DARZNIKWell, I had almost a double life, I'd say. I would actually change costume. I'd get to school and, you know, my mother forbid me from ever wearing miniskirts or shorts. And by the time I was a teenager, I'd go to school with a pair of jeans on and make a quick change in the bathroom. And this was all -- partly it was teenage rebelliousness and it was in part also chafing against my mother's sensibilities of what was proper and right for an Iranian girl.
REHMHow did your father behave during these years?
DARZNIKMy mother ruled our house, so the rules were hers. He was indulgent of me, but he, more or less, went with my mother's rules and her sense of propriety.
REHMWhat about his own vocation?
DARZNIKAmerica broke my father. America really broke him. He'd been an engineer. He came to America when he was in his late 40s by then and it was impossible for him to practice his profession. He'd been an engineer in Europe and also in Iran. It was impossible for him to take the time to study again, so my parents bought this motel. He was broken by immigration.
REHMJasmin Darznik, "The Good Daughter." And short break, we'll be right back.
REHMWelcome back. We're talking with Jasmin Darznik, that last name spelled, "D," as in "David," A-R-Z, the last letter, N-I-K. Her new book is called "The Good Daughter: A Memoir Of My Mother's Hidden Life." And before we open the phones, would you be good enough to read starting at page 291? Give us a sense of what your life was like here.
DARZNIKOf course. "On Saturday and Sunday mornings, Lily and I would go from room to room at the Casa Buena Motel and while she stripped beds, empty ashtrays and cleaned toilets, I'd sit cross-legged on the floor and watch cartoons. As a treat on the days when I hadn't bothered her too much, she'd run me a bath and arrange wedges of pomegranate along the lip of the tub. A pomegranate, my mother told me, is not a simple fruit. Behind it's leathery hide, it draws a veil over its seeds and when you eat it, it stains your fingers with a juice that's stubborn as ink, but twice as subtle.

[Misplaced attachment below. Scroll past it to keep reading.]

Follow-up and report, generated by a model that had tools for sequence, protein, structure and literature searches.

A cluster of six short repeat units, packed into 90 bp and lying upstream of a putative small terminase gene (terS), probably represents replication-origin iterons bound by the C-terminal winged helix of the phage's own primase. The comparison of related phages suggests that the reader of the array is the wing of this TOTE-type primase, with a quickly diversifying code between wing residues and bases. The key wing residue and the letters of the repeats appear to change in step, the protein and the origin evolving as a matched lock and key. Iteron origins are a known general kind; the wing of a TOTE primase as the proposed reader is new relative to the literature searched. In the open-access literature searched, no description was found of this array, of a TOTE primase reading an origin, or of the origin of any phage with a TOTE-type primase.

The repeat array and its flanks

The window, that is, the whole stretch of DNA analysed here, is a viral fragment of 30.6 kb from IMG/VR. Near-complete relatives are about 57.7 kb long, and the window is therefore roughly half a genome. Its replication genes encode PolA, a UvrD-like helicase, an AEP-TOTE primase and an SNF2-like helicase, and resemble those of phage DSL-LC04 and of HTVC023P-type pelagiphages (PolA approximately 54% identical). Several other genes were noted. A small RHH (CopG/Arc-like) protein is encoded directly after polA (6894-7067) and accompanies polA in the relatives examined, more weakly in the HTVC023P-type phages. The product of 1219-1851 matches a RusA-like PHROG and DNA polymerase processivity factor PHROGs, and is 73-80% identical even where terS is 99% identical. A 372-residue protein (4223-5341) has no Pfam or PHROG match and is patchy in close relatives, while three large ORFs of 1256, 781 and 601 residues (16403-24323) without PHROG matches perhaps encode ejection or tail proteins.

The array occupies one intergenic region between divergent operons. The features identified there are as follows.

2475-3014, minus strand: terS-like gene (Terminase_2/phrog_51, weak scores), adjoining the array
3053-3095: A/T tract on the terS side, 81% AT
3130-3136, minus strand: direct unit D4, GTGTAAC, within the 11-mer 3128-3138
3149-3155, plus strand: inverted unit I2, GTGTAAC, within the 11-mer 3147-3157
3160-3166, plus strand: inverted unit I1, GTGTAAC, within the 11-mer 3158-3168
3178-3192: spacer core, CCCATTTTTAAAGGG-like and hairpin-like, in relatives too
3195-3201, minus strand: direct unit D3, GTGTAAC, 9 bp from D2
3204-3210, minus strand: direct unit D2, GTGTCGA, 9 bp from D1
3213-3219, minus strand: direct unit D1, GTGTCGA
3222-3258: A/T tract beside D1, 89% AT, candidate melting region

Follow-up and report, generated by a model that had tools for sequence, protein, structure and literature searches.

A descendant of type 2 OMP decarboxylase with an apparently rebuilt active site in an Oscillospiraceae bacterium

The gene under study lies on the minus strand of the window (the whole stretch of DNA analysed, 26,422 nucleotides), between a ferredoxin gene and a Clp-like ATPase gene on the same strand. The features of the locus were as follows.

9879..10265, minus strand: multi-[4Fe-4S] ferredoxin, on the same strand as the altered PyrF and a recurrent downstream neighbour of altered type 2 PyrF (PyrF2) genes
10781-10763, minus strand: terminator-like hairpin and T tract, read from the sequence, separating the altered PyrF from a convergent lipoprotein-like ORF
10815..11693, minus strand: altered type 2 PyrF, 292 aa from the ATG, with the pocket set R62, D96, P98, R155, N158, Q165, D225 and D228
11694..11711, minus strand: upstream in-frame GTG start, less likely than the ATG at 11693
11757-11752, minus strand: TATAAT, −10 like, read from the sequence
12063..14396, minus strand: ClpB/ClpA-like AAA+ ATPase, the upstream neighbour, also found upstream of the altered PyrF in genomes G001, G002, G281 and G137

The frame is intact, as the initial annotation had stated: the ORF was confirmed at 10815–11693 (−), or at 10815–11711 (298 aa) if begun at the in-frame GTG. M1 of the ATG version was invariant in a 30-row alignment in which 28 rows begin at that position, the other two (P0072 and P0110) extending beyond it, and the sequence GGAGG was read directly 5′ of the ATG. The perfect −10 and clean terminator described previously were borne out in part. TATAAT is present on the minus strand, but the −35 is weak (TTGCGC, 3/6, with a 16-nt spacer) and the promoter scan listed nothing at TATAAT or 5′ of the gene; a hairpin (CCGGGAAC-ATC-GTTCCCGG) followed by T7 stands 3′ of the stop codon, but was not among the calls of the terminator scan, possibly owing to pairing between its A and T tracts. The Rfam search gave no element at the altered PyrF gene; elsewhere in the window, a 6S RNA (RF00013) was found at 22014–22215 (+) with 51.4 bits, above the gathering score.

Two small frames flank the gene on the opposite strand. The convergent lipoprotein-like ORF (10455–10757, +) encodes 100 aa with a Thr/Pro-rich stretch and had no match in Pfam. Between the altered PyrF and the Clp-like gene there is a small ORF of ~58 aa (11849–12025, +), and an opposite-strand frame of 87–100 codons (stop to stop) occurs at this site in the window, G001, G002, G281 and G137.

DARZNIKI love to sit in the bathtub eating freshly quartered pomegranates and listening to mother, Lily's, stories. I'd work my gingerly through each section, peeling away the milky-white membranes to get to the fruit. Sometimes I bit straight into mounds of seeds as if I were eating an apple and the bitter pith mixed with the sweetness. Other times I plucked the seeds one by one with my fingers and then ground them slowly and delicately between my teeth.
DARZNIKLily would crouch beside the tub and then, as pomegranate juice dripped from my hands and my chin and the bubbles in the tubs slowly turned pink, she'd tell me stories about a place she called Persia. 'Have I told you the story of my wedding? Did you know they called me (word?) Madame Doctor back then?' Yes, Maman,' I'd say. 'And have told you I wore no makeup at all?' She'd continue, 'Not all. Just moments before the ceremony began, my Aunt Zanab came running toward me with a stick of black kohl.